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that texas would probably be annexed by the united states but that did not come to pass very quickly. and once it became apparent that texas was not going to be quickly annexed, then texas had to be about the business of establishing relationships with other nations. one of the most obvious was with the united states. and so this treaty from 1838 establishes the boundaries between the united states and texas, a very important detail. and this was when martin van buren was president. this particular document does not contain the actual terms of the boundary treaty but it does -- it's the i guess you call it the document of transmission of that treaty and includes the beautiful seals which contain sealing wax from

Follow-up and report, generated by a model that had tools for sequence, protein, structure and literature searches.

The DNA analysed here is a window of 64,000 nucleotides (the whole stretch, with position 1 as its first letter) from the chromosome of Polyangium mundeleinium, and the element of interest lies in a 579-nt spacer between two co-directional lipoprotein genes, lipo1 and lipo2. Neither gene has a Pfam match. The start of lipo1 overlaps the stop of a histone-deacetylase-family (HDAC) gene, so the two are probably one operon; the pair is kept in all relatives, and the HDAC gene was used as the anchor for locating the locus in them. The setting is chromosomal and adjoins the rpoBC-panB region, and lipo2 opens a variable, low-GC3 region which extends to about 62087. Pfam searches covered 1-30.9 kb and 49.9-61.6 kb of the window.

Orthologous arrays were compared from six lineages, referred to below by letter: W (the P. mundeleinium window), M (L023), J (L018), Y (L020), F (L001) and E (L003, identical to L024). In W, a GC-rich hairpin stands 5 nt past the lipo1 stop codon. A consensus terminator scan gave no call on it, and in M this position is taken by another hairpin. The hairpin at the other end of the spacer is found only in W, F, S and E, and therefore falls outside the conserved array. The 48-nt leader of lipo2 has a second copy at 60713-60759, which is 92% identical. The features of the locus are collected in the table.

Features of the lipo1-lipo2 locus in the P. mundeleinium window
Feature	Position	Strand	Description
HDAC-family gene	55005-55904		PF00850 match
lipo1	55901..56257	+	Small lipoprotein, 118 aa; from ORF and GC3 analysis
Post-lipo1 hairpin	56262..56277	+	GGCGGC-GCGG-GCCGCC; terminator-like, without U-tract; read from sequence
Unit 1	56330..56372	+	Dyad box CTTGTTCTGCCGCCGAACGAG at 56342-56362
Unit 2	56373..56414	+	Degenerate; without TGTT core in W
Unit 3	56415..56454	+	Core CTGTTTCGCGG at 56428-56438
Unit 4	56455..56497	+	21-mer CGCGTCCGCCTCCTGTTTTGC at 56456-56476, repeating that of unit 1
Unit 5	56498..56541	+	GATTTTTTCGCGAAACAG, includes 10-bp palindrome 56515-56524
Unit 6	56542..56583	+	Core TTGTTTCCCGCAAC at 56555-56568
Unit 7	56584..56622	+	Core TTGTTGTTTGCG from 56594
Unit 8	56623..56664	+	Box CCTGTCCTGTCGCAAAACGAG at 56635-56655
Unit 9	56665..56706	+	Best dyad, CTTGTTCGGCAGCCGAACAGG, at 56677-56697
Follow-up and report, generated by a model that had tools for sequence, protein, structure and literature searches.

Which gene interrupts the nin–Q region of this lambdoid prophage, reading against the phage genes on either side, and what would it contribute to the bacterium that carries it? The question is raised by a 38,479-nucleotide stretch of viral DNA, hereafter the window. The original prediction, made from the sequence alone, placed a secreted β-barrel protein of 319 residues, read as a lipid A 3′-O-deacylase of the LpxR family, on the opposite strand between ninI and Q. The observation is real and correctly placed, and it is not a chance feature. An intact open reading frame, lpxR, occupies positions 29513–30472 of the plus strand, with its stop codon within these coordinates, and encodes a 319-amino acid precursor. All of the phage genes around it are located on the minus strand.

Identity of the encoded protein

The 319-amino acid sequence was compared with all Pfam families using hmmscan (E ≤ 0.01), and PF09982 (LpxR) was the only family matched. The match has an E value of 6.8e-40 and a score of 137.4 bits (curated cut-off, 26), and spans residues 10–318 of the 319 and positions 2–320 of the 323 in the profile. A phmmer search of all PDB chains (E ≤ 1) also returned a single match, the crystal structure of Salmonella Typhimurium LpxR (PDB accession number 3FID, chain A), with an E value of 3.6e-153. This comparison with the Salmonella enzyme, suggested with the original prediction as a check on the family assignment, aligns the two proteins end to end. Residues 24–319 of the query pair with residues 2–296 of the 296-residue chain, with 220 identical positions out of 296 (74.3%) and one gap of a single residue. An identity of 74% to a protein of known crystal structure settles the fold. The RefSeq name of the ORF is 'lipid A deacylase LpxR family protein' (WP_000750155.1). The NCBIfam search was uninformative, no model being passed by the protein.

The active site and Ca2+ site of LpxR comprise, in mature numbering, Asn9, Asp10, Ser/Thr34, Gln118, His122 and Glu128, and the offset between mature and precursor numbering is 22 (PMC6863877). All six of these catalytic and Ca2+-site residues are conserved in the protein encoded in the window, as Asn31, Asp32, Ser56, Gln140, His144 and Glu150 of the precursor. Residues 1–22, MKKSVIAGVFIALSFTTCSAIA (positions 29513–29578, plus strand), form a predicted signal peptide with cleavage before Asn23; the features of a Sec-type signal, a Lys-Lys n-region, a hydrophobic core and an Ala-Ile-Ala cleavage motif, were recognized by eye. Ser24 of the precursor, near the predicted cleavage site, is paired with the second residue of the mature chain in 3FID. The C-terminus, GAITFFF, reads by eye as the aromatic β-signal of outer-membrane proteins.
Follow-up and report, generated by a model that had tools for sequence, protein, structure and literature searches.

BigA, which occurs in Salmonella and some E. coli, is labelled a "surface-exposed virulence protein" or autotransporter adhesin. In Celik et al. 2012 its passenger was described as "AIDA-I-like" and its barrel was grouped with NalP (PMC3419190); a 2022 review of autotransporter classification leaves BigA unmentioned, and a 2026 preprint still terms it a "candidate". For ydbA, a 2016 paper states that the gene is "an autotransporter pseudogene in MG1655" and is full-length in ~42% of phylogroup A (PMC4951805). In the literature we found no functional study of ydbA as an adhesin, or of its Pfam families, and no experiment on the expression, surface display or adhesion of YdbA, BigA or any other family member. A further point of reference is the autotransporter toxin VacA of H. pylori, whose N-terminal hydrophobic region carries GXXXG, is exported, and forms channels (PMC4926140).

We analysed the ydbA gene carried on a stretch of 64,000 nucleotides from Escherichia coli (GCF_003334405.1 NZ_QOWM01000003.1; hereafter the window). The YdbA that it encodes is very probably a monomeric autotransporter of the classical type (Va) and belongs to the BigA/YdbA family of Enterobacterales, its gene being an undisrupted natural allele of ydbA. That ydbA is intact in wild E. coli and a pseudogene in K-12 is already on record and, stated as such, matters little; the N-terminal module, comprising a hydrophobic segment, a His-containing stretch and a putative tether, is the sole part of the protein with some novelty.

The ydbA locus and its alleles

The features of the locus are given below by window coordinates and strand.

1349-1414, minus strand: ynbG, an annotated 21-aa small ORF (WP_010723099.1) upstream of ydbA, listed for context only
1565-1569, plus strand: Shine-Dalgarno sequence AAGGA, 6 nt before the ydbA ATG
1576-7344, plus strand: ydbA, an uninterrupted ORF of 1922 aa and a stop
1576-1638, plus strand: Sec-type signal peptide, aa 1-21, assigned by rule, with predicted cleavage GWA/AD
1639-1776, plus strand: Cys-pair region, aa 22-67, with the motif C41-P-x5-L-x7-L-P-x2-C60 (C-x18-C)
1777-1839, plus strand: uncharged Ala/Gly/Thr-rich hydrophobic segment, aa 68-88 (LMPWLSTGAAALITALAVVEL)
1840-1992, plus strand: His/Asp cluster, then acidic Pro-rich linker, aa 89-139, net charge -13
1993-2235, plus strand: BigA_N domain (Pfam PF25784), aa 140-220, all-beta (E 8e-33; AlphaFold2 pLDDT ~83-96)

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the united states. texas also entered into treaties with other nations notably great britain. this one was from 1840 and addresses the suppression of the slave trade. it's actually signed by queen victoria. after the civil war and after reconstruction texas experienced a new era of immigration mostly from the united states into texas. this is a railroad map in effect from an organization called texas colony association. but, again, it was a new attempt to colonize the vast lands of texas. in an attempt to address many of the issues that should have been
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corrected by reconstruction and this is the constitution that was written in 1875, signed in 1876 and interestingly texas still operates under this constitution today even though it has had hundreds of amendments to make changes to it we can flip to the signature page of the document which contains all of the original signatures from 1876. as you can imagine these are many of the most prominent men of their day. while this document addressed some issues of inequality of course these problems did not go away with equality,